By Kat Riddler, Editor-In-Chief

Haley Brightwell, Head Assistant Volleyball Coach. Courtesy of Haley Brightwell.
Haley Brightwell, Head Assistant Volleyball Coach. Courtesy of Haley Brightwell.

Haley Brightwell, alumna, graduated with her Masters in Business Administration (MBA) in the spring of 2016. She stayed around campus working at the Recreation and Wellness Center (RWC) over the summer. The thought of staying and being a coach at the University of Missouri- St. Louis hadn’t as yet crossed her mind.

Brightwell attended Drake University for business her freshman year, then transferred to UMSL and played on the volleyball team as a redshirt. A redshirt is someone who practices with the team but does not play in games to save their four year eligibility. Brightwell continued her business undergrad with an emphasis in marketing at UMSL. In order to play her fourth year on the team, Brightwell joined the MBA program at UMSL. The MBA program is two years, so Brightwell was asked to be a graduate assistant coach her second year in the program.

She thought she was spending her final summer at UMSL. “[Head Coach Ryan Young] had an assistant coach so it wasn’t even in my thoughts that he would need an assistant. So I thought I was done with UMSL at that time.”

Through the MBA program, Brightwell started working for Clear to Launch Business Solutions. Since she thought she was done with school, she took a full-time position at the company over the summer while also working at the RWC. “I’m a huge fan of UMSL, obviously. I put a lot of time in. I’ve had so many jobs at UMSL I can’t even count. I feel super loyal to them. I’m also super thankful to UMSL. After I transferred here, I’ve had countless opportunities here. It’s really worked out for me,” Brightwell said. Coach Young reached out to her over the summer about the position since it looked like the other coach could not commit to the hours needed during the regular season and off season.

“It’s really tough on Ryan to hire someone who can put in part-time work, because he needs someone with him all the time… I told him that I would have to talk to my other bosses first to make sure that it would work out.”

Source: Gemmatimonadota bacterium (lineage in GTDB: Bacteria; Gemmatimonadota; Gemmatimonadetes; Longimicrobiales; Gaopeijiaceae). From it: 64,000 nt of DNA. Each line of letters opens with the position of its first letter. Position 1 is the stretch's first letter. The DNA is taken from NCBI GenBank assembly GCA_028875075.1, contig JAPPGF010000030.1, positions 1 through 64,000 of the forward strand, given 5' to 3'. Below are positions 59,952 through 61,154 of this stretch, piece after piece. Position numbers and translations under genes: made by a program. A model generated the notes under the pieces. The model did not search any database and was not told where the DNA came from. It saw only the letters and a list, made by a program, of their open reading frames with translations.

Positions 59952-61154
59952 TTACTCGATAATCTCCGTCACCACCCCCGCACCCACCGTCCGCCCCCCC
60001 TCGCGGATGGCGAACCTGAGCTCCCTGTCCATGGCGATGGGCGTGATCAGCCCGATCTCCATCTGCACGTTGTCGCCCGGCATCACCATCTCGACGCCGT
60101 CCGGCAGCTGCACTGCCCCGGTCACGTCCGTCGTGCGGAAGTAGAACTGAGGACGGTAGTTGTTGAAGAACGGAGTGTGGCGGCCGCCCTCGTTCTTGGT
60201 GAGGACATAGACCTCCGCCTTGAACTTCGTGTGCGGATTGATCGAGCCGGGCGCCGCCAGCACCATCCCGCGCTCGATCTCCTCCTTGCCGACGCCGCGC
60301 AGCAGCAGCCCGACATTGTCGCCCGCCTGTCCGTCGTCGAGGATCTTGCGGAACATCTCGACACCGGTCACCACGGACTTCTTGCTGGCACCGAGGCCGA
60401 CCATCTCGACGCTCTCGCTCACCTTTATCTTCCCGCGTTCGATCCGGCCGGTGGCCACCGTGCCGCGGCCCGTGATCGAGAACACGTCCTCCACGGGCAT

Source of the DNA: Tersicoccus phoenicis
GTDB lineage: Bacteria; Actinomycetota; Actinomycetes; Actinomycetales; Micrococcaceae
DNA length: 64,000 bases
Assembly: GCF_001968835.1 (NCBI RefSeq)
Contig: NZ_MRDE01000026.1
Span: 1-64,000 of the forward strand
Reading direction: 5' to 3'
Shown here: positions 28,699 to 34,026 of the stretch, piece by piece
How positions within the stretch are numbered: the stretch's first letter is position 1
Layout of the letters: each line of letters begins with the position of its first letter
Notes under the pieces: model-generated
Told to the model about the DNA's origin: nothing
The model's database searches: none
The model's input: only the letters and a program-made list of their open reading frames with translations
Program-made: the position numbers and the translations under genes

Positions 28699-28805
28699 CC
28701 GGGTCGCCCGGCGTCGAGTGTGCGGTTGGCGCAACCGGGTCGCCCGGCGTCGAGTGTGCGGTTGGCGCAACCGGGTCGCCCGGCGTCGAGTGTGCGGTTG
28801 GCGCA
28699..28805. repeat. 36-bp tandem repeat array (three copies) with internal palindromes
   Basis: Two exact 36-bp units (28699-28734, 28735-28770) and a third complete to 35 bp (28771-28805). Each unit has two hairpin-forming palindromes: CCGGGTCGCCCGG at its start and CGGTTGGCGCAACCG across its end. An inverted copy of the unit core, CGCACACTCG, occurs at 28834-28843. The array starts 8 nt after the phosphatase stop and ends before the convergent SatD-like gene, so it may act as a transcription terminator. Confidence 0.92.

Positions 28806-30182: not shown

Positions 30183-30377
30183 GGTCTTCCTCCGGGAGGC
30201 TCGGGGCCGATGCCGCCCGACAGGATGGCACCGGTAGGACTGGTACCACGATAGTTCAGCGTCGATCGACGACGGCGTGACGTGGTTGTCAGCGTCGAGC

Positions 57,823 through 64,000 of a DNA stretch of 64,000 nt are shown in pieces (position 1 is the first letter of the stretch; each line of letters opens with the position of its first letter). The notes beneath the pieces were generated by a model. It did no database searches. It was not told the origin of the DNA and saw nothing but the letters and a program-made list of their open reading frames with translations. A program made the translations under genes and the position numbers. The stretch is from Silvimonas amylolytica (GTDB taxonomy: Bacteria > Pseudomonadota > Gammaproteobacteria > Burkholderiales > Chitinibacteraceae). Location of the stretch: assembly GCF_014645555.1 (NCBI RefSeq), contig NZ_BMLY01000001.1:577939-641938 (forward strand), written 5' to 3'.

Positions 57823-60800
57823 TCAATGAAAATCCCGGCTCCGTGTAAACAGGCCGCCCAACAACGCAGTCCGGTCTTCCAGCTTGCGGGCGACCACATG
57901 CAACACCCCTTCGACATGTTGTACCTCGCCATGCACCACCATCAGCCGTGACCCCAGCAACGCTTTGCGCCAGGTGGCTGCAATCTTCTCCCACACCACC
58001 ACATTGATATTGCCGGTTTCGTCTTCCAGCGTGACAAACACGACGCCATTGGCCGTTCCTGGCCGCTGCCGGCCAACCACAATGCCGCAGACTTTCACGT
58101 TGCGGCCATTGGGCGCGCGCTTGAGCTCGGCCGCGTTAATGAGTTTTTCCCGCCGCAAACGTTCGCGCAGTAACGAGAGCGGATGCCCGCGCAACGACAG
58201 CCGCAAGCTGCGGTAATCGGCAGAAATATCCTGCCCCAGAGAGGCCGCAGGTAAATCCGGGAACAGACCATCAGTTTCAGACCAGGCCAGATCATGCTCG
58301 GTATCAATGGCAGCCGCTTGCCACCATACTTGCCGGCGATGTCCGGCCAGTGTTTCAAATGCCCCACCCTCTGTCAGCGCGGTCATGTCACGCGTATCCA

Brightwell’s more flexible schedule allowed her to be able to make the time commitments asked of her with the position. Brightwell started August 1 and was telling the team about her new position by the end of July. The team had a bonding day on August 14 and practice started the following day.

From her experience being on the team as a student, she learned a couple things about coaching. “It’s a lot of behind the scenes work. Essentially all you see is what they are putting in in the gym. But there is a lot going on behind the scene. There is a lot of strategy that we have to think about when it comes to how we want to practice, what we want to focus on, what drills we need to work on,” Brightwell said. “There is a lot of strategy when it comes to understanding other teams. We have to watch a lot of film on the other teams to be prepared for the games. I didn’t see that when I was a player.”

Brightwell enjoyed playing more, but found out she also really enjoyed coaching “I didn’t know if I would or not. It’s big picture. I can work with every member of the team compared to when I was an athlete and it was tough to focus on everyone else when I had to focus on myself.” Brightwell said, “But now, it’s my job. I really like that. I can focus on everyone and make sure we are all working together.”

As a student assistant coach Brightwell’s job coaching was different than the part-time position she currently holds. As an student assistant coach, Brightwell would help the coaches’ out by running drills and other little things she could take off of the coach’s plate to help the team. “I wasn’t as hands on as a student assistant, vocally, communicating with them and I didn’t have as much time to put in since I was a student…But now I can put in a lot more extra time outside of practice.”

Usually volleyball plays most of its games in the fall semester, but they play skirmish games and tournaments that do not count towards their overall record in the spring. Volleyball recruits during the spring semester as well. Brightwell helped with recruiting in the spring last year and found it to be tough. They recruit from club volleyball tournaments, which is different than high school volleyball. Tournaments consist of about 50 courts of volleyball being played for about six to eight hours and coaches have to observe and evaluate skill level that is right for the school. Because of UMSL’s size, the women’s volleyball is Division II.

The volleyball team has 18 members, eight of which are new to UMSL’s team this year.

September 2 marks the beginning of the women’s volleyball team. Since it is the beginning of the season and they cannot study other teams’ film before the games, they are focusing on their own strengths for the tournament games.

“I’m looking forward to most the changes that Ryan and I are making to mentality,” Brightwell said. “Our physical skills were good, but because our mental game wasn’t strong we weren’t very good as a team. It is my role to improve our mindset.” Brightwell hopes to accomplish this with what she created called Team Talks. This is Brightwell’s first time teaching the mental focus and positive mindset to players and she is very eager to see the results of her labor.

Brightwell wants to remind players to be conscious of being able to go to coaches outside of practice. If a player is having problems either with their game or other matters, Brightwell wants to know what it is so she can help.

Check out their full schedule at the UMSL athletics page.